Sunday, July 27, 2003

Photo Mobiles

Here in the UK, we are currently being bombarded with ads from mobile phone players like T-Mobile (in its distinctive pink livery - not a Germanic colour in my book) to pick up on 2.5G/3G picture messaging services.

Most of the ads are trying to get people into "mob" activities - suncream fights, pillow fights, frisbee throwing etc. All well and good, but not really a world changing benefit.

Anyway, reading through the venerable Big Issue recently, I came across a small clipping explaining that Junior Doctors in Wales have been using photo mobiles to take pictures of X-Rays and forward them to consultants for assistance in diagnosis. It strikes me that this is a great use of the service - it could be extended maybe to teh general public with a 999-PHOTO number where, say, if you were at the scene of a traffic accident you could post a message to this service and receive a text of instructions from a trained medical professional while the emergency services beetled over to you ("Don't take off the motorcyclist's helmet, check his/her airways are clear...")

So, I reckon a big push for the medical services industry could be on its way.

Wednesday, July 23, 2003

Trust/Reputation in Search

I've been wondering whether reputation can be conveyed in any other way in search algorithms than Google's PageLink algorithm (which seems to me to be a measure of popularity - albeit in a network sense - rather than of reputation). I was reading an article in the ASIST Journal called "When Documents Deceive" by Clifford A. Lynch on the bus home, and came across the phrase:

"The question of formalizing and recording expectations...[of] trust in behavior [is] very poorly explored. There are a number of avanues: certification or rating services that might be consulted, or webs of individuals vouching for behaviour of others"
I'd been pondering whether it might be possible (particularly in an intranet) to modify a search engine so that when a user rates a page, he or she can also see in his/her search results how people like him/herself have rated the pages and/or how people he or she trusts rated the pages. This might seem a bit daft, but I was wondering whether, a bit like FOAF, a search engine could have a "who do you trust?" section, where you log-in, and then identify other people on a database whose opinion you trust. Search results might gain extra weighting within the overall results based on their "reputation" rating 9where the results would be specific to your trust network). I suppose the problem is placing the burden on users of registering and keeping their "trust networks" up to date, and the fact that it would become a very large database, but that detail could be ironed out by brains greater than my own.

Saturday, July 12, 2003

Bah! Humbug

A section of the company intranet needed some serious IA attention. Because,perhaps more than any other section of the intranet, it focuses on end user needs and tasks, I ran a 20-person card-sort to get some idea of end-user ideas on groupings and labelling of these groups. Got some useful results, turned them into a decent wireframe with our CMS, then my boss presented the results to the "section" working group.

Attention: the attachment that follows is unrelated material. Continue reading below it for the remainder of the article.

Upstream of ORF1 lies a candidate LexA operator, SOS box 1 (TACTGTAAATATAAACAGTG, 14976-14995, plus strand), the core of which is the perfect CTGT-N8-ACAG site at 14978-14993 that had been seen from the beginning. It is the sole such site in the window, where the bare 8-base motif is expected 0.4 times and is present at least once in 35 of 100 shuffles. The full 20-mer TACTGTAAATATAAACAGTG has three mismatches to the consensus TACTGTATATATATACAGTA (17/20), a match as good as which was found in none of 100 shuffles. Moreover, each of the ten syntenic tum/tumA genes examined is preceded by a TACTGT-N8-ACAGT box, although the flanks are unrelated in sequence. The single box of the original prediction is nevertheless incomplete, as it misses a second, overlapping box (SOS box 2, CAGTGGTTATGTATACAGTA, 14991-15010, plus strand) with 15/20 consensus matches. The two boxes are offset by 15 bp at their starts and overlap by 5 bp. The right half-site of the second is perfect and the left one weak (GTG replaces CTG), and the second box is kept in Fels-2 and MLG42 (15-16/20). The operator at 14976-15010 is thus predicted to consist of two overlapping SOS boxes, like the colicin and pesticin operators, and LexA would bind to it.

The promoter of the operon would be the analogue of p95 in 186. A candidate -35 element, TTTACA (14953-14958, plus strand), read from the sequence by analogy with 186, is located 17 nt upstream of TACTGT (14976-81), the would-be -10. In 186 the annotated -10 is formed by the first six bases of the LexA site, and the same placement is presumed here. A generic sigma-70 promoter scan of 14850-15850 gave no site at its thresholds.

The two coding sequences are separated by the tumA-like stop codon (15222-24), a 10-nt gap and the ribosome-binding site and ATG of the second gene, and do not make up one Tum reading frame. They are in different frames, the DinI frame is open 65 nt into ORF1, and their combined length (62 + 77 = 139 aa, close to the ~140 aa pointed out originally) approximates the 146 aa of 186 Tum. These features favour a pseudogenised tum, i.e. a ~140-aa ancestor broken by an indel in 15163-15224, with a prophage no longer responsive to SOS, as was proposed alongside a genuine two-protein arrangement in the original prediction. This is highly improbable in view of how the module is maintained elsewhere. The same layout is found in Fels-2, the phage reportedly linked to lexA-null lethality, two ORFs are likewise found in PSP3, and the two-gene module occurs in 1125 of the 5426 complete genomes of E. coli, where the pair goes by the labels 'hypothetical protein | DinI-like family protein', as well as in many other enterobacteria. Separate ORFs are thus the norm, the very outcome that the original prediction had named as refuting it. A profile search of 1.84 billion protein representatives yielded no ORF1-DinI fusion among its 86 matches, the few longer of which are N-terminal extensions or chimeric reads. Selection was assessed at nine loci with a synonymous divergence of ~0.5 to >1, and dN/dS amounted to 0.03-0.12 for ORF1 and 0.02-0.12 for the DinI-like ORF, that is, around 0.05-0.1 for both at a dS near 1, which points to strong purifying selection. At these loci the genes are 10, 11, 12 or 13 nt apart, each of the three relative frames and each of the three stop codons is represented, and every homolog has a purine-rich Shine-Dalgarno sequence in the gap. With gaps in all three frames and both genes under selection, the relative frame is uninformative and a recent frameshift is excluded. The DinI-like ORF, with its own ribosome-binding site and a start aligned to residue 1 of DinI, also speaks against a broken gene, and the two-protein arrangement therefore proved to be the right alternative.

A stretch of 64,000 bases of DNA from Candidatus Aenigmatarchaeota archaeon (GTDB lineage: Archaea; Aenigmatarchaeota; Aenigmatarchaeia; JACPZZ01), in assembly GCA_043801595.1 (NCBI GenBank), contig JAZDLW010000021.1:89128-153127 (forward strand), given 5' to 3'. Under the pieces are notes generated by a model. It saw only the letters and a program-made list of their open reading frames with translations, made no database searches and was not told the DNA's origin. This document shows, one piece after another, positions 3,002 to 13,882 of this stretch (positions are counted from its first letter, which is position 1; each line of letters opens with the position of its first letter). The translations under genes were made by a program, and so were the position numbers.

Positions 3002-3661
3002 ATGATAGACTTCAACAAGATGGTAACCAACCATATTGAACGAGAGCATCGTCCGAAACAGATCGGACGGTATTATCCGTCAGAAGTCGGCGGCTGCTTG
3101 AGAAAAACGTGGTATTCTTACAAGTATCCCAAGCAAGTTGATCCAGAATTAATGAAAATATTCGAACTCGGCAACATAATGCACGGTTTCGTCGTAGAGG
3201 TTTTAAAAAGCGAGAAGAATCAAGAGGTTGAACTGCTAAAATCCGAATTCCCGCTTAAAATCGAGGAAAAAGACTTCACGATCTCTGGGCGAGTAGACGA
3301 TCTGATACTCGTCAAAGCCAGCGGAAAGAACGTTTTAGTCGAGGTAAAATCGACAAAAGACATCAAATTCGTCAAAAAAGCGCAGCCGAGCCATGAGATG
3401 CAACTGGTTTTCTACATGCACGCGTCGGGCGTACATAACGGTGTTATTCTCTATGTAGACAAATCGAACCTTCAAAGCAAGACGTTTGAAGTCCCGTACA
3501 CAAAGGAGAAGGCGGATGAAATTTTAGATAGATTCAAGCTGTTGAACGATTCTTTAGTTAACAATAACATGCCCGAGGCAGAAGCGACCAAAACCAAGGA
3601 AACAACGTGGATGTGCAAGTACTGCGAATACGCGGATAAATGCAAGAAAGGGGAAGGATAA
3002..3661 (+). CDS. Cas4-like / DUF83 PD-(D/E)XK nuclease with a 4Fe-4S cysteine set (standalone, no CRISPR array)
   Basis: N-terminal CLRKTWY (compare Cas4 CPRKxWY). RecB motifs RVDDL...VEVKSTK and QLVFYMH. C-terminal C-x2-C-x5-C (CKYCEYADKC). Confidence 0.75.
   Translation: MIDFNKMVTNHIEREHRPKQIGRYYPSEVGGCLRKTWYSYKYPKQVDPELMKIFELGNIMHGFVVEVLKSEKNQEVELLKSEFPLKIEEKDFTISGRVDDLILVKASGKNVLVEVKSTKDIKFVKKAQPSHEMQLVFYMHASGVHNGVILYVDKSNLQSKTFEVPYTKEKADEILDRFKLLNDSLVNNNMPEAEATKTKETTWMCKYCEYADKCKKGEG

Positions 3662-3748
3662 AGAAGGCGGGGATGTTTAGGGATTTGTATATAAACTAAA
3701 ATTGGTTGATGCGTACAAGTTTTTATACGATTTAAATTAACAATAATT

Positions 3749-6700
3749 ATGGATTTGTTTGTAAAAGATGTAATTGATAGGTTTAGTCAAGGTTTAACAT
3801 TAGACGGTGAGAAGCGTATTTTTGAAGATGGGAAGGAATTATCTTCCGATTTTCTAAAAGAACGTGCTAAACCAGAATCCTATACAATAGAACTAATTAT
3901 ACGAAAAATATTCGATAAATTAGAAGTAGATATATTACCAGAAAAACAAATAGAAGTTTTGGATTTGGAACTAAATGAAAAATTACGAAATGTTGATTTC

The working group said they didn't care for a lot of the user-focused stuff and wanted to stick to a fairly "departmental" viewpoint. Although I accepted this with gritted teeth, it was still fine as we had manged to make some significant progress on the section structure. So I re-worked the wireframe (not a small job) and we re-presented the findings for the working group's approval.

Lo and behold, some of them said - "I thought the purpose of this exercise was to focus on tasks and users". This from the every people who had rejected the initial user- and task-focused structure. Sometimes I despair! Send me valium.

Wednesday, July 09, 2003

Blog geography

via Tom at the OTHERmedia's blog, I've posted this blog to Blizg - it shows the closest blogs to mine geographically (that have been entered on Blizg) and the closest to mine topically (by analysing meta tags). Check out my listings: very nice.

Baby Perl

Because I haven't done any programming to speak of since I was nine or ten, and dabbling with BASIC on a BBC B Micro, I've decided to start to learn Perl. I've got my SAMS book and a couple of O'Reilly guides, and am ready to go.

Friday, July 04, 2003

Hierarchical labels

There have been a lot of postings on SIGIA with regard to Jakob Nielsen's kind of bland article on information foraging recently - but the article itself did send me off in search of some information retrieval articles. One I found called "Web Page Design: Implications of Memory, Structure and Scent for Information Retrieval" by Kevin Larson and Mary Czerwinski at Microsoft research had some interesting conclusions (and I'll be honest, I was naughty, and skim-read the body, jumping to the conclusions). The conclusions are great because they suggest that if you ensure that the "information scent" (to use the in "meme" du jour) at each classification level is strong - i.e. label things clearly such that they give you a clear idea of what they are, and what else you'll find if you follow the link; and aim for a middle-path between a broad and shallow in terms of your site structure.

Not rocket science, but it's nice to have a justification for what seems like good practice.

The Web for the blind

I read a posting on Accessify about the RNIB supporting individuals in the UK in accessibilty cases. It looks as though we are moving toward a situation, as in the States, where W3C-type guidelines might have a basis in law. It's worth keeping an eye out on this one


Check out this interview with Julie Howell of the RNIB on Made for All.